Judge rules Augusta gets to keep contested green jackets during lawsuit

Augusta National claims it has never sold green jackets at any point in its history.

Andy Roberts's picture
Submitted by Andy Roberts on

The days of green jacket auctions at a company aptly called Green Jacket Auctions would appear to be over after a US judge signed an order confirming a trio of jackets are to remain with Augusta National. 

Back in August, the famed Masters club filed a federal lawsuit to halt Green Jacket Auctions from auctioning a trio of green jackets - one supposedly belonging to Byron Nelson, one to a current member, and one to a former member.

US District Court Chief Judge J. Randal Hall signed an order Friday saying in part: "The parties shall not construe the release and transfer of these items as anything other than an alteration of its previous preservation order. The court has not yet made any determinations regarding the disputed issues in this case."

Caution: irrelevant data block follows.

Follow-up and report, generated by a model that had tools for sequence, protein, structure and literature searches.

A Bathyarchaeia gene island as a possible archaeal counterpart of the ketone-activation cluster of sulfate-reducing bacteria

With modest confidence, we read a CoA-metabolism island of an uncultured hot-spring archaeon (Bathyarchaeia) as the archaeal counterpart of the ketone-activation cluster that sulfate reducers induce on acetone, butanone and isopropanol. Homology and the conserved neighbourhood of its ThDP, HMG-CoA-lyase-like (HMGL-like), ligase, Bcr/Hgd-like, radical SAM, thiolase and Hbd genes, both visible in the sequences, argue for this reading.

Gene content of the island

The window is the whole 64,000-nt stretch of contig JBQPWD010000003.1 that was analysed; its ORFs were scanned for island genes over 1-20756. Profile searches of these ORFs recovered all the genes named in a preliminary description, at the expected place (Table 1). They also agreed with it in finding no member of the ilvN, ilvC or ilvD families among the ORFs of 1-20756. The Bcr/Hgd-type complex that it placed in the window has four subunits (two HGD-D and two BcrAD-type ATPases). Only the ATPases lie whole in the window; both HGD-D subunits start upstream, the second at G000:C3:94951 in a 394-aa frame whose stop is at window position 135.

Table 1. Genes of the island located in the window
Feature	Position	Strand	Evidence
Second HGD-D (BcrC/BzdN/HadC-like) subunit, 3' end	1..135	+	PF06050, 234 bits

Five months ago, Augusta maintained the items were either stolen or fakes. The club has also since claimed that it has never sold green jackets at any point in its history, and members are likewise prohibited from doing so.

Not surprisingly, Green Jacket Auctions disagree on the matter, claiming it obtained the jackets legally through third parties who themselves rightfully owned the garments.

Ryan Carey, co-founder of Green Jacket Auctions, said: "Augusta National likes to claim things are ‘stolen’ when what they really mean is they believe Augusta National owns every green jacket ever produced regardless of who currently owns or possesses the jackets."

The famed green garments are only worn by members during the Masters, and only the reigning Masters champion is permitted to take his jacket from the premises.

Judge Hall granted a temporary injunction in August, which stopped the auction pending the determination of ownership.

The latest news would suggest an end to any green jacket auctions at Green Jacket Auctions.